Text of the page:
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Application and Construction of Microbial Biosensors in Chemical Forensics

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posted on 2021-11-03, 22:20 authored by Couper, Justine

Forensic toxicologists are often required to rapidly determine if a suspicious substance, such as a white powder, contain toxins. Preliminary tests usually include screens for a wide range of 'Potentially Toxic Chemicals' (PTCs) such as cyanide, pesticides, herbicides, medicinal and illicit drugs. Subsequent analyses are generally very time-consuming and costly. Any protocol screening for a range of PTC's, prior to more robust chemical analysis, could therefore save significant analytical time. Microbial biosensors are ideal biological tools that can be utilised for these purposes. In vivo bioassays were developed for a range of PTCs using a suite of microbial biosensors, in a variety of complex matrices including water, white powders, soils and vomit to determine the effect of matrix complexities on the biosensors, as well as the toxins. The lux biosensor, Escherichia coli HB101 pUCD607, showed an EC50, (where EC50 is the effective concentration of toxin causing 50% reduction in bioluminescence), of cyanide in water of 20 mg/L. This biosensor still detected cyanide, in talc and flour, at EC50 values of 589 mg/L and 700 mg/L respectively. Vibrio harveyi showed good sensitivity to cyanide in initial water bioassays with an EC50 of 9.66 mg/L. The V. harveyi biosensor did not detect cyanide spiked in talc or flour when tested up to a maximum concentration of 10,000 mg/L. The Mycena citricolor ATCC 34884 fungal biosensor, showed lower sensitivity levels however it detected the presence of sodium monofluoroacetate (1080) at a concentration 1000 mg/L. Preliminary investigation of a novel, faster, solid-phase sample preparation method was also undertaken and its potential proven, particularly in PTC spiked white powders. Here the biosensor showed sensitivity to arsenate, arsenite, copper, cyanide and PCP at 1000 mg/L.This project highlighted the inability of current biosensors to reliably detect 1080 and the difficulty in constructing a specific biosensor. The utilisation of a reliable vector and inducible promoter are pivotal in biosensor construction.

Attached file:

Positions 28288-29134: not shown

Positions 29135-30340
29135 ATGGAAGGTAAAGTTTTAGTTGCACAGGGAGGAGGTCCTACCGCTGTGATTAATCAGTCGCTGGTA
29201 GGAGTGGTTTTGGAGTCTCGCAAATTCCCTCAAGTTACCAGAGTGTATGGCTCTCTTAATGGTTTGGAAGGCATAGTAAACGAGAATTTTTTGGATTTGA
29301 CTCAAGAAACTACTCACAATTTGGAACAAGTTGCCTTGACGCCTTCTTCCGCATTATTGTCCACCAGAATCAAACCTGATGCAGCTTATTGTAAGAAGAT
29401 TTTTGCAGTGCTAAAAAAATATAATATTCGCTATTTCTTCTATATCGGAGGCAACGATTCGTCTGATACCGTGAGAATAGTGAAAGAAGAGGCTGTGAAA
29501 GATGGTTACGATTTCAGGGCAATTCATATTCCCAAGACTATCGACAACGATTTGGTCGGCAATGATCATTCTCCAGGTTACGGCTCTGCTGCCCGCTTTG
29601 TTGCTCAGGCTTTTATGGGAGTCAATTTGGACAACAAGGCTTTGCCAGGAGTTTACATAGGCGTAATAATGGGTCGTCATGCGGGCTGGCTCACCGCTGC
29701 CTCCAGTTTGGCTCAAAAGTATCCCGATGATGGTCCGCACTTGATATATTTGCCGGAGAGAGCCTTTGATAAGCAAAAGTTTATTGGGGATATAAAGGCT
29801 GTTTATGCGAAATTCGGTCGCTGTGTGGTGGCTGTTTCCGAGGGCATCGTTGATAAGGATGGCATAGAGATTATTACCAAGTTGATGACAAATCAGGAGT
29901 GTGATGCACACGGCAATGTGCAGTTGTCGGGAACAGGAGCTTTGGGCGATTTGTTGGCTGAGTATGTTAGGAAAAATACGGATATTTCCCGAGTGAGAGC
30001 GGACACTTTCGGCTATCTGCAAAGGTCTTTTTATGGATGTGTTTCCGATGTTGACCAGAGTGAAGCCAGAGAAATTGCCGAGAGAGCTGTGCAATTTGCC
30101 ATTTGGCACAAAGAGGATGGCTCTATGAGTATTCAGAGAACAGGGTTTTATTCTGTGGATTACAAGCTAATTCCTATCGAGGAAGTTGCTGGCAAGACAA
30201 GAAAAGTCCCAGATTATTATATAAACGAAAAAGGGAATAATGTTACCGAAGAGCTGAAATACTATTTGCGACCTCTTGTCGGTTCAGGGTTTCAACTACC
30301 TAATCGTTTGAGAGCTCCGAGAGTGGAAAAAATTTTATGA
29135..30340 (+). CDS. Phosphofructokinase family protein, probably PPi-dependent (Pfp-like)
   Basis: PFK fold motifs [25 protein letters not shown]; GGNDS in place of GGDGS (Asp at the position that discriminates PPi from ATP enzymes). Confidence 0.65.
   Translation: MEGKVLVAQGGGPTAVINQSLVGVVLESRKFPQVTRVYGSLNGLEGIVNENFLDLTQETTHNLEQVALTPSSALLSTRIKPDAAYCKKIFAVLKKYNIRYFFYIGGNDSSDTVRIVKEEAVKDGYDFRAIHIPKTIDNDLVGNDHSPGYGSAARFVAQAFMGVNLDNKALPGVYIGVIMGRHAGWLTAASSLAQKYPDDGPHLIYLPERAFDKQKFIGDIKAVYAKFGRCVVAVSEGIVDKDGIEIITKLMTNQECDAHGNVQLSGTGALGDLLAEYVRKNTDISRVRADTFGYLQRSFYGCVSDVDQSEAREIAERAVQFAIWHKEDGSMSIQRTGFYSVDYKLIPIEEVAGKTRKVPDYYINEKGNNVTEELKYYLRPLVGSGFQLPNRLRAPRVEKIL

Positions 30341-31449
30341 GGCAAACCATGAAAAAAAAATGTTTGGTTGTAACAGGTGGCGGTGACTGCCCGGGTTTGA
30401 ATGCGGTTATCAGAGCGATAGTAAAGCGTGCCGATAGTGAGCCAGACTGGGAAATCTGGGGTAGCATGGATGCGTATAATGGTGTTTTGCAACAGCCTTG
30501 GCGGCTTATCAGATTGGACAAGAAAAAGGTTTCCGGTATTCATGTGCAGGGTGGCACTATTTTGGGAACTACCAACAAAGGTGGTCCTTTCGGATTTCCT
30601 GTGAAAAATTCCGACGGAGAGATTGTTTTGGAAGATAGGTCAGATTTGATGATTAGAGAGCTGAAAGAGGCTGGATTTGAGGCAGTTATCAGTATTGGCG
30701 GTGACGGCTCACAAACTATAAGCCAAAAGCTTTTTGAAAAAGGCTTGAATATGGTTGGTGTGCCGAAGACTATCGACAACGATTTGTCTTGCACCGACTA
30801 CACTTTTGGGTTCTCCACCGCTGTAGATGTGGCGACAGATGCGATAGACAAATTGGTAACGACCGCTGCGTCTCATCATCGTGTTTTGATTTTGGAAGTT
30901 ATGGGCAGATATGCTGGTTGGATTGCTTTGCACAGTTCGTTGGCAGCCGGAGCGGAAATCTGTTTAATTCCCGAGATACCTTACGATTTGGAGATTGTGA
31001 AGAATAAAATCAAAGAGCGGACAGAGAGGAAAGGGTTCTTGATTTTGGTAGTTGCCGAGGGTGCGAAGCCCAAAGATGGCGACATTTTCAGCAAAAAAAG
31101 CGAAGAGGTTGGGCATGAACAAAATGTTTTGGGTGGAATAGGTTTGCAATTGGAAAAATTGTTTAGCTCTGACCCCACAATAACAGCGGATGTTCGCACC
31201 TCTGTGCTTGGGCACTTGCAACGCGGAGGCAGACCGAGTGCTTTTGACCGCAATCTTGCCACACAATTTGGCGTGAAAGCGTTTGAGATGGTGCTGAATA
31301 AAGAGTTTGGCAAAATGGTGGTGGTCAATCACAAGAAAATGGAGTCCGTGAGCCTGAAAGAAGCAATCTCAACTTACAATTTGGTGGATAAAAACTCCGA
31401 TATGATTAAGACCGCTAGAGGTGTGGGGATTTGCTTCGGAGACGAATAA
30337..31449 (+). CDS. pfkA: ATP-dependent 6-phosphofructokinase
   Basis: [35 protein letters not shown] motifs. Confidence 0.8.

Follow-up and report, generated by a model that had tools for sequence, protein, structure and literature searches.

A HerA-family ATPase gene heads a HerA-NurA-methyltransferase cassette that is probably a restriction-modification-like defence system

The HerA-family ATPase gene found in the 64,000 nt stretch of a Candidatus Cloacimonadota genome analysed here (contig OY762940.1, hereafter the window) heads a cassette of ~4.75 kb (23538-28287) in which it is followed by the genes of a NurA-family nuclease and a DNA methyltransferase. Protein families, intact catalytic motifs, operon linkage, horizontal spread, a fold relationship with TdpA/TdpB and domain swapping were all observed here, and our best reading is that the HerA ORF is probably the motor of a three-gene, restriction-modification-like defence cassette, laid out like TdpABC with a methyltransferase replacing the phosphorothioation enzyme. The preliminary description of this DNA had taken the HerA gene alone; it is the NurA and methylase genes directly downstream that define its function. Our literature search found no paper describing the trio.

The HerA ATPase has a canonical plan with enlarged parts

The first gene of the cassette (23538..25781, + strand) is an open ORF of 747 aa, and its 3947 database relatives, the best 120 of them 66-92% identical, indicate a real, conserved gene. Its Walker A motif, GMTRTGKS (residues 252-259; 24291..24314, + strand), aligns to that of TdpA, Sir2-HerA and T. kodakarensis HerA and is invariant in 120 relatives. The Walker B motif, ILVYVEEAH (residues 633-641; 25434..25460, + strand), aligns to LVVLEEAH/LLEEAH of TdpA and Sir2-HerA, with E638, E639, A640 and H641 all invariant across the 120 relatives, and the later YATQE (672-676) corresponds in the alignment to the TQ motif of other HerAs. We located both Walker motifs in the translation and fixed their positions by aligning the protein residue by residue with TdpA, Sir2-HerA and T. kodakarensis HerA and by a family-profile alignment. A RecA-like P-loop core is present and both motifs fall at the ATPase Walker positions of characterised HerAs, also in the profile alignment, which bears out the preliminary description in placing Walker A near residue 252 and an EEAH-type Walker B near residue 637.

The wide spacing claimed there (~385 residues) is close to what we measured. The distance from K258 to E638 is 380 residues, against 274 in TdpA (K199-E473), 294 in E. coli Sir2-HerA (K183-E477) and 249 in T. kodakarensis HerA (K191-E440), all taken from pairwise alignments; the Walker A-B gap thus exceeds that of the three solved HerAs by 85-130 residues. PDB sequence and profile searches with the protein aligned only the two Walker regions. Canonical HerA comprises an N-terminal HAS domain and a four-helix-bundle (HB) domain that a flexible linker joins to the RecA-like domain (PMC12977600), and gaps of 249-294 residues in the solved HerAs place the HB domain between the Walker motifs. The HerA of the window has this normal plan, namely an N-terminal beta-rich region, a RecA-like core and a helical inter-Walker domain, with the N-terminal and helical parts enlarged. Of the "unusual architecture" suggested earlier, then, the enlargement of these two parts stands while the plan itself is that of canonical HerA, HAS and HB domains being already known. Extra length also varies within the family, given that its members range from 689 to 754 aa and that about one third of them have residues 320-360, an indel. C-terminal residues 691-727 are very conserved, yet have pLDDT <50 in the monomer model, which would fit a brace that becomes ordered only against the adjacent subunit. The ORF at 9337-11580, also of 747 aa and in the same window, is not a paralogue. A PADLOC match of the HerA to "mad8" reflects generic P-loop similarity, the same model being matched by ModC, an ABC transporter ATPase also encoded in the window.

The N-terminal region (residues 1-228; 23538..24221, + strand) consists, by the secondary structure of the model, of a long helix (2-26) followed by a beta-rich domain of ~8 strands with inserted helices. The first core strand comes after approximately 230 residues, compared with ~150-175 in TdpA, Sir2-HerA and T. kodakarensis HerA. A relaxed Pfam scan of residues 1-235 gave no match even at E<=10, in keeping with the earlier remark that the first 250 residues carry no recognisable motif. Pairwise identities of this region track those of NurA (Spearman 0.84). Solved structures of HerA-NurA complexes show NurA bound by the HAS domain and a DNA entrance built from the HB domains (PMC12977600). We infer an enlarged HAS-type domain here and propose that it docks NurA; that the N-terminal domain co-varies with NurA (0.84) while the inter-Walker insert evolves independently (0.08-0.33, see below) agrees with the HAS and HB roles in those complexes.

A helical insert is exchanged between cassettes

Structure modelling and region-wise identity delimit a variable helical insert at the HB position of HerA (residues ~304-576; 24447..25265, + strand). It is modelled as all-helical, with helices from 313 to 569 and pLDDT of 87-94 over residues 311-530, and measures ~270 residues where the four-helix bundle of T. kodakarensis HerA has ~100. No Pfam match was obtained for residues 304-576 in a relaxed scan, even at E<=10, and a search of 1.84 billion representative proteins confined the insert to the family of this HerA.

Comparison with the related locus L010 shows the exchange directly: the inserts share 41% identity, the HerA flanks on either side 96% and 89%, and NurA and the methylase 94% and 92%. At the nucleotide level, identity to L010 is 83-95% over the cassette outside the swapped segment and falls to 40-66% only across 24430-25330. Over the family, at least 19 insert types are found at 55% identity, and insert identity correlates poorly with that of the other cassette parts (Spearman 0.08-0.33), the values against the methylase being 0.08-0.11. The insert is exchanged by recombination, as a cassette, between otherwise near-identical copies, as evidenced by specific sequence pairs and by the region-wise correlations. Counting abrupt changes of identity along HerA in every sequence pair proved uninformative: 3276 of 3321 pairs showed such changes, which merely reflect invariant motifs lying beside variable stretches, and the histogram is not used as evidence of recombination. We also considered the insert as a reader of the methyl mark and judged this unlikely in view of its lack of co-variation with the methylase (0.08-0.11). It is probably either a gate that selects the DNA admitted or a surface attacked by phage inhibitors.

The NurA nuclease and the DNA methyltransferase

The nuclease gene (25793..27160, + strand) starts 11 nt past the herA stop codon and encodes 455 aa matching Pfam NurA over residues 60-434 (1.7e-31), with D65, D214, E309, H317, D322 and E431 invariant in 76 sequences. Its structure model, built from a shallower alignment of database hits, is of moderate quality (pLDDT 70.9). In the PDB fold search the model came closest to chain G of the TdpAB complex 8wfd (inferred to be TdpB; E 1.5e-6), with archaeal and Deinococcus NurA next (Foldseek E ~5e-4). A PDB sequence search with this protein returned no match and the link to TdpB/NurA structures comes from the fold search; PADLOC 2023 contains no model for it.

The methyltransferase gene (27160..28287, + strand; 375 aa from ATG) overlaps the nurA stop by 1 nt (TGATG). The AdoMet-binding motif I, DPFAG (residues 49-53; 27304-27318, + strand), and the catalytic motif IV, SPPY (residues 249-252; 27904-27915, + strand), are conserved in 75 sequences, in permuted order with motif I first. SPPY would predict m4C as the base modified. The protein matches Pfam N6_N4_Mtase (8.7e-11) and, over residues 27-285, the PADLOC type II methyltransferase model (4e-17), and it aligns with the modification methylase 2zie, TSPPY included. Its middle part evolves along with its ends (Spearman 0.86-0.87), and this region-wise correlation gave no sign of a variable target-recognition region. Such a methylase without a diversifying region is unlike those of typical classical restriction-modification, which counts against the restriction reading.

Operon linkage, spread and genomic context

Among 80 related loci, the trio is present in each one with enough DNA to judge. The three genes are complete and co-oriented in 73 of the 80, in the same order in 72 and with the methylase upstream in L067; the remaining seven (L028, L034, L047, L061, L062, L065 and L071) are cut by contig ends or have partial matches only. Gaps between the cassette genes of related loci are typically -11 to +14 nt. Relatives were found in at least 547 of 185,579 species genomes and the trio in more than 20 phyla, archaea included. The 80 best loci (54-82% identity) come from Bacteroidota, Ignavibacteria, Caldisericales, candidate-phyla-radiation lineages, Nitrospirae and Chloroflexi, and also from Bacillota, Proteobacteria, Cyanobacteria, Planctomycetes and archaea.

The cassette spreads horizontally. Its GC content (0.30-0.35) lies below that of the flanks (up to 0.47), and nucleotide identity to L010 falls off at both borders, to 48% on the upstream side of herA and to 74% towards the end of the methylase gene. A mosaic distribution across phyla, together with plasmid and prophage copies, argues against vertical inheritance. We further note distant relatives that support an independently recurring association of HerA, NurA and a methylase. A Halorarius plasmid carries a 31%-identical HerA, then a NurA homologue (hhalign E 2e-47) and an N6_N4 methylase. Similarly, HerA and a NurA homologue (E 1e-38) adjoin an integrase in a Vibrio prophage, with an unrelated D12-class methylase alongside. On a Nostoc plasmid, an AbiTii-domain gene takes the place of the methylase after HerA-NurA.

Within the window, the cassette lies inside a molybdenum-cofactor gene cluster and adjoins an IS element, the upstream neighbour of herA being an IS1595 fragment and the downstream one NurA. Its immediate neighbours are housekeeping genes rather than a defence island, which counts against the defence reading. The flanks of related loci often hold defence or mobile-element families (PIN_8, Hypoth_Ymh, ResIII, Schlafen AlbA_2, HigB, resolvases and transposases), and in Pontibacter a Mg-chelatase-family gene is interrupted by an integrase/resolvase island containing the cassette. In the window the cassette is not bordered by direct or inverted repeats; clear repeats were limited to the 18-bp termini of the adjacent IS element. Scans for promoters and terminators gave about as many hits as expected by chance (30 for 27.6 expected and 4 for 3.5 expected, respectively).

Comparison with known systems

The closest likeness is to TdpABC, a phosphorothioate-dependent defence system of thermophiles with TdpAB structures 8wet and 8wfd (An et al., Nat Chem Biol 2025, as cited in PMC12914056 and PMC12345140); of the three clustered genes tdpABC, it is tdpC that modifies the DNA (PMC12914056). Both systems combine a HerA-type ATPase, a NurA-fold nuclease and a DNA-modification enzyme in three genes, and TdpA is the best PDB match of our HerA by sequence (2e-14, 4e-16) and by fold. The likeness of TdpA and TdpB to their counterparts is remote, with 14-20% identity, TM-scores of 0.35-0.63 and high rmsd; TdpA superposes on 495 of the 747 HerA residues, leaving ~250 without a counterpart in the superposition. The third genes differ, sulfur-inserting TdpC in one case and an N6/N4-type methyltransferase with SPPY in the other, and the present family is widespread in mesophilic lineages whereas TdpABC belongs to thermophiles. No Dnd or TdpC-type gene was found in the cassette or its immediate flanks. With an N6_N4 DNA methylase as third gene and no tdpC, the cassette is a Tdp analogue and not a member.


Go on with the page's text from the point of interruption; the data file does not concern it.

Copyright Date


Date of Award



Te Herenga Waka—Victoria University of Wellington

Rights License

Author Retains Copyright

Degree Discipline

Molecular Microbiology

Degree Grantor

Te Herenga Waka—Victoria University of Wellington

Degree Level


Degree Name

Master of Science

Victoria University of Wellington Item Type

Awarded Research Masters Thesis



Victoria University of Wellington School

School of Chemical and Physical Sciences


O'Toole, Ronan; Horswell, Jacqui